Top 4 differences between an Indica and Sativa Cannabis Strain
The answer to this questions has changed several times over the last 100 years. I’m going to explain what we know for sure and then delve into some speculative assertions.
The following distinctions between the two predominant cannabis are not debatable.
Physical appearance and flowering cycle: These are the most noticeable differences between indica and sativa plants.
Indica plants tend to be short and bushy with broad fan leaves. Their flowers are dense and fat. The have a flower cycle that is between 7-10 weeks.
Sativa plants grow tall and have narrow fan leaves. Their flowers are long and usually ‘airy’. Sativa flowering times range from 10-14 weeks. The diagram will gives visual examples.
These differences seem intuitive upon learning the origin of the cannabis indica and cannabis sativa.
Indica plants genesis are traced back to the arid mountainous regions of India, Pakistan, and Afghanistan; hence the names Hindu and Afghani Kush. The environment in which these plants evolved dictated their physical appearance and grow cycle. Cannabis indica comes from cool, dry regions. Their short, compact structure allows them to preserve heat and moisture. Indica plants moisture retaining ability makes them more difficult to grow in humid environments. If you try to grow Bubba Kush in Georgia or Florida, get ready to lose some of your crop to bud rot and mold. It isn’t a coincidence that the mountains in northern California produce the best kush in the world (sorry Colorado).
Also, indicas originated farther from the equator where summer light cycles are shorter. This explains why they flower faster than sativas do.
Cannabis sativa plants are from the equatorial regions of Asia, Africa and the Americas. These plants adapted to the regions’ hot and humid climates by growing tall and thin. This allows for heat to dissipate and moisture to evaporate, thus protecting the plants from mold, fungi and rot. Also, locations closer to the equator have more hours of light. This explains savita’s longer flowering cycle. They are used to having longer growing cycles than indicas do.
Not that we are have gotten done with the empirical differences of cannabis sativa and cannabis indica, we can get into the debatable difference…effects.
What are the different effects of indica and sativa?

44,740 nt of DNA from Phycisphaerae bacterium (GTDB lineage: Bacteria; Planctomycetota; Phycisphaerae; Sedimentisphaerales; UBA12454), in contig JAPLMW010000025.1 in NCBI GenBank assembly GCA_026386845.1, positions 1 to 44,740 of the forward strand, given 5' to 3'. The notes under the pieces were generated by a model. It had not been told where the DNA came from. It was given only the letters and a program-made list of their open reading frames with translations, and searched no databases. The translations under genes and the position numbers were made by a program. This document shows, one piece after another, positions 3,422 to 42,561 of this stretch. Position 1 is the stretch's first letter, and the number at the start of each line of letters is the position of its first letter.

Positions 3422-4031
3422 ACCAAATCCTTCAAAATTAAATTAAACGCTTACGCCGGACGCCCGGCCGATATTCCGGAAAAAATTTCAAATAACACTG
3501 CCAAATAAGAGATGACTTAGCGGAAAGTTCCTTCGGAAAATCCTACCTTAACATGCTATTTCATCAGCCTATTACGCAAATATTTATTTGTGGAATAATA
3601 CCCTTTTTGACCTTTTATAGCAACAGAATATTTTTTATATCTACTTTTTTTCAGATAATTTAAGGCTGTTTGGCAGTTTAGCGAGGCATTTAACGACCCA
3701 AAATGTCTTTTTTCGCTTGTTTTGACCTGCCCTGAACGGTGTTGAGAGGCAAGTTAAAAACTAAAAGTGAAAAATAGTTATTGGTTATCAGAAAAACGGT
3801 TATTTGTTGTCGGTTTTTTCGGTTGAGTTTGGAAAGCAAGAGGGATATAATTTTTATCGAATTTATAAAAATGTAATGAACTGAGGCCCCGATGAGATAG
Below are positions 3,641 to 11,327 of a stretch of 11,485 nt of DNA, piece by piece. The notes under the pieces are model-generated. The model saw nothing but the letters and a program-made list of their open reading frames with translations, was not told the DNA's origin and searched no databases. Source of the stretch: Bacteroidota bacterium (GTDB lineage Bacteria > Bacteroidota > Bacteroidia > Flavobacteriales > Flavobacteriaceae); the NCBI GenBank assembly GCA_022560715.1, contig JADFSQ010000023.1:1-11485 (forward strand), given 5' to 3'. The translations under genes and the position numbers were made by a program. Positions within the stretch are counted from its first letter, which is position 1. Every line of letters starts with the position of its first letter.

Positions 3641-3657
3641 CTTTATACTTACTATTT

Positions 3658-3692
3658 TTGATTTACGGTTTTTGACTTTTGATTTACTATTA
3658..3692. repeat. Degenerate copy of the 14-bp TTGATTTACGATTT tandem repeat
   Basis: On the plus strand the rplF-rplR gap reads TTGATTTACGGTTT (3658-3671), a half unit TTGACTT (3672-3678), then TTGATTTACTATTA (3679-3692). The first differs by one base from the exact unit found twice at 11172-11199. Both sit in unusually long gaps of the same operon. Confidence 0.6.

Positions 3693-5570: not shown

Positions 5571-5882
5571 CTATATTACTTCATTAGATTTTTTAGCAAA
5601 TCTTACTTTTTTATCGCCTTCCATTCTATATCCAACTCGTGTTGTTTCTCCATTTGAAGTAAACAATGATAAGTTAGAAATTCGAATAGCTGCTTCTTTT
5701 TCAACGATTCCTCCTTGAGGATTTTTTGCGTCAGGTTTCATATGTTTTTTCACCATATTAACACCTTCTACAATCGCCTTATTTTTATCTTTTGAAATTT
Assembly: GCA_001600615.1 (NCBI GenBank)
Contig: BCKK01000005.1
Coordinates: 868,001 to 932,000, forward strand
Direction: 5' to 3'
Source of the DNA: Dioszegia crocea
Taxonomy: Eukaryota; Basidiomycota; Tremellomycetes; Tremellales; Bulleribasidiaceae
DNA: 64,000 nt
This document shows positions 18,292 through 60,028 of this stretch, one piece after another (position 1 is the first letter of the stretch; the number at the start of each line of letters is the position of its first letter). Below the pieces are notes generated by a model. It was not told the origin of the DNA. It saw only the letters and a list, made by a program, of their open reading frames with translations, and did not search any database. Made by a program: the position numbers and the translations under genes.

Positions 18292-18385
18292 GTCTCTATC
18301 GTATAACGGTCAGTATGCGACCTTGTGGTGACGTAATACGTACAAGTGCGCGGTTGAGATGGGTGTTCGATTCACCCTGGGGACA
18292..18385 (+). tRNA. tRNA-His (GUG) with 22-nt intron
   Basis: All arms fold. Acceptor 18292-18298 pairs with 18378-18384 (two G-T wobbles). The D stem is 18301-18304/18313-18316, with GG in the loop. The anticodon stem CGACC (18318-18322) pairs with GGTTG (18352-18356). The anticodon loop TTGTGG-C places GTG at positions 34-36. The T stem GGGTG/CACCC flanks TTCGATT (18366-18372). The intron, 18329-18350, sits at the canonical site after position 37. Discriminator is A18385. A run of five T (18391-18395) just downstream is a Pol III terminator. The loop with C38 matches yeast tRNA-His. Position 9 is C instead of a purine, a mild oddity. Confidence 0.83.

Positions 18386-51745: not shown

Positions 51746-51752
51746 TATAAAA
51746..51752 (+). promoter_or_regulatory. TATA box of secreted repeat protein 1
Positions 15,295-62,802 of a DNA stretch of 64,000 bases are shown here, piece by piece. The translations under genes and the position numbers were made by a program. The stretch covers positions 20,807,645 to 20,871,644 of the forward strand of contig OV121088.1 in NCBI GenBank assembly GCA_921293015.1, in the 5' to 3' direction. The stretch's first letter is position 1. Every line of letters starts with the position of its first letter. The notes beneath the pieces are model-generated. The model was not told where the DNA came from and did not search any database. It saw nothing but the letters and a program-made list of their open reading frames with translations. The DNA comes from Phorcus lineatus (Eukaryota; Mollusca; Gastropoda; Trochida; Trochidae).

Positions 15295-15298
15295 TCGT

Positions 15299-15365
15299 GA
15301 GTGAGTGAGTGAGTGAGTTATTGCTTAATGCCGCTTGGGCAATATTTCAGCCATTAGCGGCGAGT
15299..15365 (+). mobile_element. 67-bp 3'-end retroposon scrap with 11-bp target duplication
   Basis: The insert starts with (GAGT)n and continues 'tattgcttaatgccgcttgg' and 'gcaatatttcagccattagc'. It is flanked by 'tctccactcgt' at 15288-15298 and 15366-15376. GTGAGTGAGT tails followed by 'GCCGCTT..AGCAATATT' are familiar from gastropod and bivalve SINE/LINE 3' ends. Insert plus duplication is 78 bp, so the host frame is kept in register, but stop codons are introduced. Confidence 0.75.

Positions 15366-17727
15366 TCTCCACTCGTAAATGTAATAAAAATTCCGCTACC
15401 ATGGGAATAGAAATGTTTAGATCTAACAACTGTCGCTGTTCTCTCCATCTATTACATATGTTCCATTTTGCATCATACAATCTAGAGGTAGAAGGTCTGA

The traditional answer is that indicas are calming and sedate and sativas are cerebral and ‘uppy’. I suppose that this is a safe generalization, but not by any means, an absolute. There are many variables that cause different effects.
1) Hybridization: With all of the crosses and crosses of crosses it is impossible to know the true genetics of a batch of flowers. A cannabis expert will have a ‘good idea’ of the dominant strain based on bud structure, smell, and taste, but that’s about it (without genome mapping).
For instance, if you have Space Queen, a cross between Cinderella 99 (sativa) and Romulan (indica), what effect will you get? It depends on the next variable…
2) Individual chemistry: Humans are like snowflakes, no two are identical. These innate differences result in cannabis affecting people differently. This explains why one person can use some Chernobyl (sativa) and say it makes them productive and efficient and someone else uses the same batch and gets anxiety. Besides differences in humans, the chemistry of the cannabis plants result in differing effects. The cannabis plant has a complex chemical profile.
3) Cannabinoid profile: The idea of indica being ‘chill’ and sativa being ‘speedy’ is archaic. A more accurate statement is cannabidiol (CBD) is ‘chill’ and tetrahydrocannabinol (THC) is ‘speedy’. It isn’t fair to criticize our predecessors’ mistakes because THC wasn’t discovered until 1964 and CBD was unknown until much later. We now know that the THC to CBD ratio influences cannabis effects more than plant species. Other cannabinoids like CBN, CBG, CBD and THCV may affect the effects. This segues into the next variable…
4) Terpene profile: This is the newest hypothesis of cannabis effect variation. Terpenes are what give cannabis its smell and taste. Terpenes are aromatic hydrocarbons produced by all plants and animals. Terpenes are why cannabis may smell ‘piney’ or ‘lemony’. If your cannabis smells ‘piney’, it has pinene. Pine resin also has pinene. Lemon haze smells lemony because it has limonene, like a lemon. Beyond smell and taste, terpenes have numerous medicinal properties and effects in humans. New research shows myrcene has an anxiolytic and sedate effect. This can result in a sativa that makes you sleepy.
What conclusions can we make from all this?
The only thing that everyone agrees on is that more research needs to be done. However, cannabis’ DEA schedule 1 status makes researching it difficult and dangerous. Also, about half of the states still have criminal penalties for cannabis possession which restricts research, as well as business opportunities.
We need to demand that our elected officials legalize access to medical cannabis.
Call your state and federal representatives to tell them that you support medical cannabis, remind them 80%+ of their constituents support medical cannabis. Then ask if they received 80% of the votes last election.
Orginally published Mar 11, 2015 @ 12:42
By: Daniel Macris, founder and ceo of Halcyon Organics.
© Halcyon Organics 2015